In preparation for its 350th Anniversary this year, the town of Mendon, MA, is hosting its community cleanup on Saturday, April 8 from 9 a.m. to Noon, meeting at the Clough School. Volunteers will be treated to a free lunch, compliments of the Mendon Lions Club, and Southwick’s Zoo is giving volunteers a coupon for a free admission to the zoo. “The momentum is building in Mendon after last year’s cleanup where over 75 volunteers came out,” noted Combs. “We’re pleased to see such enthusiasm from the community to keep it clean.” Volunteers can register and select a street at www.Mendonma.gov/cleanup.

April 8 is also a busy day in Worcester, MA, where the Regional Environmental Council hosts its 28th Annual Earth Day Cleanup from 8 a.m. to Noon. According to organizers, this is a city-wide cleanup of parks, gardens, and neighborhoods involving more than 1,000 volunteers who will pick up more than 50 tons of trash at more than 60 locations throughout Worcester. The same day, the Ten Mile River Watershed Council is hosting its Earth Day Cleanup at Slater Park in Pawtucket, RI. Volunteers will meet at 9 a.m. and will disperse along the Ten Mile River. April 8 is also “Yellow Bag Day” in the Town of Cumberland, RI, and is presented by The Valley Breeze. Residents can pick up yellow trash bags ahead of time from The Valley Breeze office in Lincoln and the town collects the bags the following Monday… Click Here to continue reading full press release.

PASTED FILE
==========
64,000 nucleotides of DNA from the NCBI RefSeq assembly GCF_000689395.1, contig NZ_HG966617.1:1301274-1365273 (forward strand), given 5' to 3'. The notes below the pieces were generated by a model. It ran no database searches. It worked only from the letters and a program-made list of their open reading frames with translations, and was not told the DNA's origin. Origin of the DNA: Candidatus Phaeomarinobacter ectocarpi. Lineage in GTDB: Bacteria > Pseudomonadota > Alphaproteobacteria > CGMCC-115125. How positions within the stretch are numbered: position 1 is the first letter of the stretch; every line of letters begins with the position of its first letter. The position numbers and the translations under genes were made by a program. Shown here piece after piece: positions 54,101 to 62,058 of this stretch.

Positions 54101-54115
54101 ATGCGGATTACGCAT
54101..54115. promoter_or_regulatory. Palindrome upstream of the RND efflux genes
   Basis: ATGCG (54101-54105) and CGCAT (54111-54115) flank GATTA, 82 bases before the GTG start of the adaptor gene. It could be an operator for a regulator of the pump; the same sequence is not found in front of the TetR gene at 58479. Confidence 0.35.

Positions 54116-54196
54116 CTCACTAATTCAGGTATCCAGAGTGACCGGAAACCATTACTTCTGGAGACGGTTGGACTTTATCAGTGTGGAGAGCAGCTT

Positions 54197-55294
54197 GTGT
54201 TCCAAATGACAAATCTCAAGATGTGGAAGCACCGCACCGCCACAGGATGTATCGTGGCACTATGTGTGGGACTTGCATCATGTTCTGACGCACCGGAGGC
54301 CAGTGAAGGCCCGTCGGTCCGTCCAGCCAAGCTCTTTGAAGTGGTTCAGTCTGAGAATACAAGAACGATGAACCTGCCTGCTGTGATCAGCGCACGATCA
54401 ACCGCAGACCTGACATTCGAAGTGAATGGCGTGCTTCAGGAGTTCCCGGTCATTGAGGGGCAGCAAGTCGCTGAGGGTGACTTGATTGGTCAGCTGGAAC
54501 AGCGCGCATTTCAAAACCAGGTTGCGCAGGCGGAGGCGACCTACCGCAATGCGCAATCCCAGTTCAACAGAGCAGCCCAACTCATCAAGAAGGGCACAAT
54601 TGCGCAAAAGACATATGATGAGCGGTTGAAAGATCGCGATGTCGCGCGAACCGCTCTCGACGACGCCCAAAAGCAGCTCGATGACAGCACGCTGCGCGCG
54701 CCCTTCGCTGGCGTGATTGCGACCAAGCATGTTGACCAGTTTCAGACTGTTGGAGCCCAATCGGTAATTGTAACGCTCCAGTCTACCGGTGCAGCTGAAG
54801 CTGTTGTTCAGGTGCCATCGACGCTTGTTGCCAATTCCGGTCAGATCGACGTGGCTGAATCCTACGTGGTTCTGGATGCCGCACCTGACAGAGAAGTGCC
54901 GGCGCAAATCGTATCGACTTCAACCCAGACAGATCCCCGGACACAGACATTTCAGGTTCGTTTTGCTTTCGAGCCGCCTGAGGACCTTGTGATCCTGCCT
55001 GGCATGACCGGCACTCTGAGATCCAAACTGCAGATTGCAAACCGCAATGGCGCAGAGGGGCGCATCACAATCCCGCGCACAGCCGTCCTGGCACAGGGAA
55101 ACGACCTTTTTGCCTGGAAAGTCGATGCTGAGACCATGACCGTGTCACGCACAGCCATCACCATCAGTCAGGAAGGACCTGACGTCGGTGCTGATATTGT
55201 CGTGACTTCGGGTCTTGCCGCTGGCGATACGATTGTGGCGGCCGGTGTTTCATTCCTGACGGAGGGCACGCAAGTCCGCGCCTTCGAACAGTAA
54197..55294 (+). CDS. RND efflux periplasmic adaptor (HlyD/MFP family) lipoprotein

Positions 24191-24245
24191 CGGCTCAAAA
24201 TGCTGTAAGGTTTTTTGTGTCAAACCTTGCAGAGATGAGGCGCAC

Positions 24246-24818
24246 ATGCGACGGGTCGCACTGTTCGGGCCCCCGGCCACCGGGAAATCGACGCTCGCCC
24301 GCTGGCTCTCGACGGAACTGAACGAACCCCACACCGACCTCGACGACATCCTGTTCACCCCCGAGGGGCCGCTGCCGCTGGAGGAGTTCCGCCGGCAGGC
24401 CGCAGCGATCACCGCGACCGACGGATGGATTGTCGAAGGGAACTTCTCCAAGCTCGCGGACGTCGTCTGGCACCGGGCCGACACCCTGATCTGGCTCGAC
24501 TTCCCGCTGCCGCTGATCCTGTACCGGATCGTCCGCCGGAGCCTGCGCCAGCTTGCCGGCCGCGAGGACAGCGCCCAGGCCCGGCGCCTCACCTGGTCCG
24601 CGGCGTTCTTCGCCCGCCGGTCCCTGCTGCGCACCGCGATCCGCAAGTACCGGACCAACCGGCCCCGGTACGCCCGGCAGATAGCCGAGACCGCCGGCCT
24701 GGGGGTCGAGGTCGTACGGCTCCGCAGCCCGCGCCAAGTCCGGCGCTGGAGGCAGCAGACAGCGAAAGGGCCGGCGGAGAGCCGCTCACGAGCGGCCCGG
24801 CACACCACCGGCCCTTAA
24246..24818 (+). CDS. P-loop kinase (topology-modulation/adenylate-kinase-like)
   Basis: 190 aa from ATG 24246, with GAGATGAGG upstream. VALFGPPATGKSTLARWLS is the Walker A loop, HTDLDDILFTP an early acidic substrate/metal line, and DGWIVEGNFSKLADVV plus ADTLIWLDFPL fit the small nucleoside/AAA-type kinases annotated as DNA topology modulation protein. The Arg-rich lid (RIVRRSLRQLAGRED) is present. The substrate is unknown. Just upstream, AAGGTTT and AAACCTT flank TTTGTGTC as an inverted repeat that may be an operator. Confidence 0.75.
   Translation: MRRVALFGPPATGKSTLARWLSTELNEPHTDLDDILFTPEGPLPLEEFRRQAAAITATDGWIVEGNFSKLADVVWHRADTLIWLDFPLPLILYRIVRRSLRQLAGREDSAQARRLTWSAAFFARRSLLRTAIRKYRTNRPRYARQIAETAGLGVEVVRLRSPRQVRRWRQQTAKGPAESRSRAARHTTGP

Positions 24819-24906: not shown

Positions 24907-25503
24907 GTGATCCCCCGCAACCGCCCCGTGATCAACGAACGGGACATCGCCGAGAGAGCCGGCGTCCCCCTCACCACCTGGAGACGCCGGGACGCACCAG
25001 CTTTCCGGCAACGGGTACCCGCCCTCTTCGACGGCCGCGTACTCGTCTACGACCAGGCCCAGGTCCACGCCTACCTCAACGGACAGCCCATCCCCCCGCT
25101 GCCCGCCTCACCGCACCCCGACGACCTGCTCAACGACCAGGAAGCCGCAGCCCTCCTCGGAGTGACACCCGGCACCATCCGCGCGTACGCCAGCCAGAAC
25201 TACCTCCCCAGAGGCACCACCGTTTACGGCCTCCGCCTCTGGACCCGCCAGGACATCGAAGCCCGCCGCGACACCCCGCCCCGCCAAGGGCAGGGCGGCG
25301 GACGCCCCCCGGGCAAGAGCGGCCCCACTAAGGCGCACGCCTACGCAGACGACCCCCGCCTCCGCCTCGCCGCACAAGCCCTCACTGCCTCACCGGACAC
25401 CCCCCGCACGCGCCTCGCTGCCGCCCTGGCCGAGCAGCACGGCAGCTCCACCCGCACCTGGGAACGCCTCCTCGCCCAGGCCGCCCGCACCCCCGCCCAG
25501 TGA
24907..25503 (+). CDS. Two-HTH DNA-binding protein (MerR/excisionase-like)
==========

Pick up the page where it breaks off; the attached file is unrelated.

Little Red Shop Museum Completes Historical Archive